I have used of hdparm -n and smartctl -A but it always seem to be a "per drive" technique as a drive may answer for only one of these tools.

So, is there a standard way to get the drive temperature on Linux (HDD or SSD)? If not, what (other) tools can I use to get this information?


I like hddtemp, which provides a pretty standard way of getting the temperature for supported devices. It requires SMART support though.

Example Usage: sudo hddtemp /dev/sd[abcdefghi]

Example Response:

/dev/sda: WDC WD6401AALS-00J7B0: 31°C
/dev/sdb: WDC WD7501AALS-00J7B0: 30°C

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    Listing many drives at once can be done with hddtemp /dev/sd{a,b,c,d,e,f,g,h,i} . – Xdg Dec 16 '15 at 10:44
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    A shorter way would be hddtemp /dev/sd?. – Rovanion Jun 28 '16 at 22:39
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    hddtemp /dev/sd[abcdefghi] also works and spares your fingers a bit. – Serge Stroobandt Nov 13 '16 at 20:59
  • There is no hddtemp neither yum install hddtemp in CentOS 7. – Pro Backup Dec 16 '16 at 10:20
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    /dev/sd? spares even more fingers. – kkm Jan 2 '18 at 22:35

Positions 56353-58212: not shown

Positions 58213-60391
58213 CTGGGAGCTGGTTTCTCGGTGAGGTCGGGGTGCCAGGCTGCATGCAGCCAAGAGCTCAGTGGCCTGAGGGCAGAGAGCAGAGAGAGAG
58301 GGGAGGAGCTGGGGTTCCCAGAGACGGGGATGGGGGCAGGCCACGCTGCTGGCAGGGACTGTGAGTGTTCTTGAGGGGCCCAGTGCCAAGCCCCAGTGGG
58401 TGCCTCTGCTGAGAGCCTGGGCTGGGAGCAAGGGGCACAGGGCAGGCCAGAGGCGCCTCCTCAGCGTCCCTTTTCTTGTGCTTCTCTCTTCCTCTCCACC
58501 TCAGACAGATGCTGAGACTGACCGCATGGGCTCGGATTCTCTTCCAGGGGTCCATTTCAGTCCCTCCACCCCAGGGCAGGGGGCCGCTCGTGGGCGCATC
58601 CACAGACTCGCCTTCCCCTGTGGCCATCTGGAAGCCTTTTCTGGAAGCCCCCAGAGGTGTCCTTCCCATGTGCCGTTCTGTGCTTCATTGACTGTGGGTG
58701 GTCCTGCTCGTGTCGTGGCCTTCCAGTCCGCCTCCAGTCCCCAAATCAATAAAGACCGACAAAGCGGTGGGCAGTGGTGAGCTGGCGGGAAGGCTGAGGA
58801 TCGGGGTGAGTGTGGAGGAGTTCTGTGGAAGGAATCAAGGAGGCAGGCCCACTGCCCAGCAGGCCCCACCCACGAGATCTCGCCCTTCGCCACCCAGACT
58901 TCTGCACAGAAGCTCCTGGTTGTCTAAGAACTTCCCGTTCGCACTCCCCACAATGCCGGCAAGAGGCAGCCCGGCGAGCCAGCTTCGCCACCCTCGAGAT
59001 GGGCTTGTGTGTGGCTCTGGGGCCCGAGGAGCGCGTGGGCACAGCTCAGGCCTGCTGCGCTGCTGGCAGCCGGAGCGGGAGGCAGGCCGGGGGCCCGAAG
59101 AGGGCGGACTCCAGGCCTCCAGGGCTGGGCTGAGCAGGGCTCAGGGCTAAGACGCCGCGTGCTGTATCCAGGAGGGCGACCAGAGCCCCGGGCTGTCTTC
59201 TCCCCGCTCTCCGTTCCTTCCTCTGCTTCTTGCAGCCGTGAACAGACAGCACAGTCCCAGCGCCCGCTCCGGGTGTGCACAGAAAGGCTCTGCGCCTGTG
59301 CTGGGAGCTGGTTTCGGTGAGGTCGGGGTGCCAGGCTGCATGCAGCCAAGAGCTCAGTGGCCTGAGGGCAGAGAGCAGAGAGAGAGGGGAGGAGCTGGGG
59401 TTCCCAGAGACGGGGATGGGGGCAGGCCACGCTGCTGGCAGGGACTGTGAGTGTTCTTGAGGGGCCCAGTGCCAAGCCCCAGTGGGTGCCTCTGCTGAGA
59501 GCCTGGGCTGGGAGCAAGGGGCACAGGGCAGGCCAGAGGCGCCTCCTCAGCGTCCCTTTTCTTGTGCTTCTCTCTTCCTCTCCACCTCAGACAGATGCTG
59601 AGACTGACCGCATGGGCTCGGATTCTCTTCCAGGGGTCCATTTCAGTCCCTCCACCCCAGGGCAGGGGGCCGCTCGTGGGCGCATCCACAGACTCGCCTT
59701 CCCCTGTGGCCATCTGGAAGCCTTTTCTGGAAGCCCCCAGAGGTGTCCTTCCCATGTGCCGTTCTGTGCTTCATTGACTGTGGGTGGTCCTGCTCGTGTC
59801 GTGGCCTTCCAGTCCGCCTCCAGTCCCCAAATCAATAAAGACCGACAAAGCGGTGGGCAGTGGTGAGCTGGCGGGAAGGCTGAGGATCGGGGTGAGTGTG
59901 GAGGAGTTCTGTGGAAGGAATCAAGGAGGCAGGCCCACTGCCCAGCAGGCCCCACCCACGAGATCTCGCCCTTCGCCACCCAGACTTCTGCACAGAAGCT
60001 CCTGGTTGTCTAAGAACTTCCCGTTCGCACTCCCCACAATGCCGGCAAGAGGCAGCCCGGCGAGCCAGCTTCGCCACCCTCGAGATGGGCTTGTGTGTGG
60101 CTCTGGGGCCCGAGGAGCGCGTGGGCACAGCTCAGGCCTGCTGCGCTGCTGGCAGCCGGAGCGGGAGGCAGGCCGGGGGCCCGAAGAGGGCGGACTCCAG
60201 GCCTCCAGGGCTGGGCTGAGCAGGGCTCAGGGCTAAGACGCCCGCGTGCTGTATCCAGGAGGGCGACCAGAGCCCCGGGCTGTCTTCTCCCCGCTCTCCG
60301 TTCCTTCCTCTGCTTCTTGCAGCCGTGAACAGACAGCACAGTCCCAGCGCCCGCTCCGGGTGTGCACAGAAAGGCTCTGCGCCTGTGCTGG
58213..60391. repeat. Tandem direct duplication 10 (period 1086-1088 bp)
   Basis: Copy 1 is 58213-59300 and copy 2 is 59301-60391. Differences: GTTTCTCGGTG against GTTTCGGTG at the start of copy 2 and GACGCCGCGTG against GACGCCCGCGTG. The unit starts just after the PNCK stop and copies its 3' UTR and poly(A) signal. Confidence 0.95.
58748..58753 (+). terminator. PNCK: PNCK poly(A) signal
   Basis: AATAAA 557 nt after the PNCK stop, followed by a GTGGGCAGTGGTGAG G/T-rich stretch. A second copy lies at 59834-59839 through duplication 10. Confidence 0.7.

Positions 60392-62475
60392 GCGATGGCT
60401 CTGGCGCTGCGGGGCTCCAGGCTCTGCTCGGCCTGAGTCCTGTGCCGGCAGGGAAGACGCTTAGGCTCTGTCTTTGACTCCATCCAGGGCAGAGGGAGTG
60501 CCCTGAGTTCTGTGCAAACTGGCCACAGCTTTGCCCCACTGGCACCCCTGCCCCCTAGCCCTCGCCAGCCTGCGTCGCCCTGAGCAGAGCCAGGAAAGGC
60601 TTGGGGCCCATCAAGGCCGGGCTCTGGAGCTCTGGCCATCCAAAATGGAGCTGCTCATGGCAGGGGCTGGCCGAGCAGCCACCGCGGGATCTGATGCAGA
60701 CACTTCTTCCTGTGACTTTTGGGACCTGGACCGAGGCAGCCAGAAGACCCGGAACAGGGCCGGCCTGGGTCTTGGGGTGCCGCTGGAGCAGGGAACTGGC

All SMART-capable devices should respond to smartctl. And I guss that only smart-devices have a temperature reading.

All other tools will propably be more or less vendor-specific (like Dell`s omsa). IPMI might be another generic approach, but I doubt, that a temperature-reading of a storage-device is standard there.


As mentioned by Rovanion, to list all drives in one go:

hddtemp /dev/sd?

Or, if you prefer a for loop:

for i in /dev/sd[a-z]; do hddtemp "$i"; done
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    Don't loop over ls. This is the correct way: for i in /dev/sd[a-z]; do hddtemp "$i"; done – Dennis Williamson May 8 '18 at 21:34

You might want to try watch "sensors && sudo hddtemp /dev/sd?" which provides cpu and other temperature information in addition.

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